The state of Virginia recognizes six distinct felony classes.
What they all have in common, however, is the severity of their penalties.
Unlike misdemeanor convictions, felony convictions can result in years of incarceration, massive fines, and the permanent loss of certain rights.
In this article, we’ll go over the different types of felonies in Virginia.
However, remember that there’s no such thing as a minor felony.
Even a Class 6 felony can have a serious, even permanent impact on your life.
What is a Felony?
Essentially, the words “felony” and “misdemeanor” are useful terms for categorizing crimes by their penalties.
For example, in Virginia, misdemeanors usually result in less than a year of jail time, while felonies often call for sentences of a year or more.
To further distinguish between different levels of crime, Virginia breaks each category up into several different “classes.”
These six different classes allow for a further division of Virginia’s various criminal penalties.
For example, Class 1 felonies (such as capital murder) are the most serious form of crime in the Commonwealth.
Accordingly, they carry much harsher penalties than Class 6 felonies (such as identity theft).
Further, many felony convictions can lead to several offense-specific collateral consequences.
Many of these collateral consequences can impact your life in unexpected ways, such as making it harder to get a job or apply for housing.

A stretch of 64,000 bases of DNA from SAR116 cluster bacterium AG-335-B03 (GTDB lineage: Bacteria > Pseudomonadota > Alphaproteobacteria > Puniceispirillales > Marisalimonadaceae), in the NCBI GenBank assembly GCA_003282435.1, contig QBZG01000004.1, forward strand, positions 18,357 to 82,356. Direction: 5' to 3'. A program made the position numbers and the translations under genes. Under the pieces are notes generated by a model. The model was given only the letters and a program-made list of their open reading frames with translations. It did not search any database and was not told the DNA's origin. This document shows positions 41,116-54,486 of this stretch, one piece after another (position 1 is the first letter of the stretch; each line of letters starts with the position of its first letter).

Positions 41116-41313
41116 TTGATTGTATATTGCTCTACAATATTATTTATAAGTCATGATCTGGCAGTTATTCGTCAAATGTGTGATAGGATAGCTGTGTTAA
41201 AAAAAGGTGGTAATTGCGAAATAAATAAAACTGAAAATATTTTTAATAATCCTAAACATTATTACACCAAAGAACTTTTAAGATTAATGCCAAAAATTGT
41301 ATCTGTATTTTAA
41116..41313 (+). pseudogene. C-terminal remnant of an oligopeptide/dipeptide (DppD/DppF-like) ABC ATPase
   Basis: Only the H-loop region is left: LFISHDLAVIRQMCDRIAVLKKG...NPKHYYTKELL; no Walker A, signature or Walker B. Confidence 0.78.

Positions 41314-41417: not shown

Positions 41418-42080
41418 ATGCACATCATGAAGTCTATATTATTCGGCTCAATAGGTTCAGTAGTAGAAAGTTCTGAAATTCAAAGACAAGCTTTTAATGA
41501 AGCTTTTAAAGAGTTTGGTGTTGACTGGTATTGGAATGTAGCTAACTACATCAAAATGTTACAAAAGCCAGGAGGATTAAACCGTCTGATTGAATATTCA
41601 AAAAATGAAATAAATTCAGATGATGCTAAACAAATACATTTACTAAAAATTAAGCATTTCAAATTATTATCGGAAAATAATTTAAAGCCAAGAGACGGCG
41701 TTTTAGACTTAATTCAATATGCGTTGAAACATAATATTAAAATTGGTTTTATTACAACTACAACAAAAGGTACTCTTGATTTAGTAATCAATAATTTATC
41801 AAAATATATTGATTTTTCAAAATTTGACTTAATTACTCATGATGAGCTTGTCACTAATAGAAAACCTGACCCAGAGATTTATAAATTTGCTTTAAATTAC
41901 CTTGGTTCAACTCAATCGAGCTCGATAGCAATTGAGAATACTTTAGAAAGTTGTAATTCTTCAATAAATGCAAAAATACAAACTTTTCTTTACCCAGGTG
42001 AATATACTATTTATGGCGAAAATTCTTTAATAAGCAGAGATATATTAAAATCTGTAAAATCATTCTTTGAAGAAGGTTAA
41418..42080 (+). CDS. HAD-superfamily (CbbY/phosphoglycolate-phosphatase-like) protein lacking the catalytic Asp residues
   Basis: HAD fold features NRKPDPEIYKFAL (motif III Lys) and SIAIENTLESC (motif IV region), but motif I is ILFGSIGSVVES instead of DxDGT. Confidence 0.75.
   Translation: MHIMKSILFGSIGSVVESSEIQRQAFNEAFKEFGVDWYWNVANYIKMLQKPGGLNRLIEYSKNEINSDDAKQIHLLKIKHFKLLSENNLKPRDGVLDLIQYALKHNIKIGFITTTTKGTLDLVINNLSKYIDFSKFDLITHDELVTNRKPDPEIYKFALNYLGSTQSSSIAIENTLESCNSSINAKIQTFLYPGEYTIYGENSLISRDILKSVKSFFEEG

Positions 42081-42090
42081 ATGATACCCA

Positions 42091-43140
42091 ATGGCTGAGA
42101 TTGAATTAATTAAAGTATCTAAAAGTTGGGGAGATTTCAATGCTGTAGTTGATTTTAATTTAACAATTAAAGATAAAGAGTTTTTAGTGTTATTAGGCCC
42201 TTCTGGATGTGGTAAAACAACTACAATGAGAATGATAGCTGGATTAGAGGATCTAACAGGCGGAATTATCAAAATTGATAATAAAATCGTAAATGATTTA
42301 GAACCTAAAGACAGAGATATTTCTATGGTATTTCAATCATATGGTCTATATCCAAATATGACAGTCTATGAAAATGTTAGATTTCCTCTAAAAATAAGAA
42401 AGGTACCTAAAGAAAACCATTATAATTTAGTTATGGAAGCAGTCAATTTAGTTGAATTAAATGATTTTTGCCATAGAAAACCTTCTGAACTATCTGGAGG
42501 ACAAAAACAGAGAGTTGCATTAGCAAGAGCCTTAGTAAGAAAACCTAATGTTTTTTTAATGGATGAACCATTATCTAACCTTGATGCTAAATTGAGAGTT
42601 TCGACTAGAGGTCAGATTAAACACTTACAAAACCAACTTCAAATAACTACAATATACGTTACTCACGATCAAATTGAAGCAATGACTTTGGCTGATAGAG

While the Governor’s office can restore some of these rights, doing so is a long and difficult process.
Virginia Felony Classes
Below, we’ll explore each of Virginia’s 6 felony classes, and detail the penalties for each.
We’ll also provide examples for common crimes which fall under each class.
Class 1 Felonies
As mentioned above, Class 1 felonies are the most serious form of crime in Virginia.
This is because Class 1 felonies are almost always extremely violent crimes, such as capital murder.
The maximum possible punishment for a Class 1 felony is the death penalty, although life in prison is the most common.
Those charged with life in prison also face a fine of up to $100,000.
Class 2 Felonies
Like Class 1 felonies, the crimes categorized in Class 2 are usually inherently violent in nature.
The maximum penalty for a Class 2 felony is life in prison as well as a fine of up to $100,000.
However, even in a best-case scenario, a Class 2 felony will result in at least 20 years in prison.
A few common examples of Class 2 felonies include:
- Aggravated Malicious Wounding — Any form of deadly assault that results in a serious or permanent bodily impairment, including the loss of pregnancy.
- Bank Robbery — Entering a bank, while armed, with the intent to commit larceny.
- Armed Burglary — Entering another person’s home with the intent to commit a felony or larceny counts as a Class 2 felony. However, this is only if a “deadly weapon” was involved in the incident.
Class 3 Felonies
Offenders charged with Class 3 felonies also face severe forms of punishment.
Anyone found guilty of a Class 3 felony faces a fine of up to $100,000 and 5 to 20 years of imprisonment.
Unlike Class 1 and Class 2 felonies, Class 3 felonies aren’t necessarily violent in nature.
However, they almost always involve direct danger to another person, their property, or both.
Class 3 also includes crimes of an especially heinous moral nature, such as human trafficking or building certain types of bombs.
A few common examples of Class 3 felonies include:
- Conspiring to Commit a Class 1 or Class 2 Felony — Unsurprisingly, conspiring to commit a serious crime is itself a serious crime.
- Unarmed Burglary — Breaking into another person’s home with the intent to commit a felony (or larceny) is punishable as a Class 3 felony. However, this is only the case as long as no deadly weapon was used in the incident.
- Certain Forms of Sex Trafficking and Prostitution — Engaging in the commercial sex trafficking of a minor in Virginia counts as a Class 3 felony.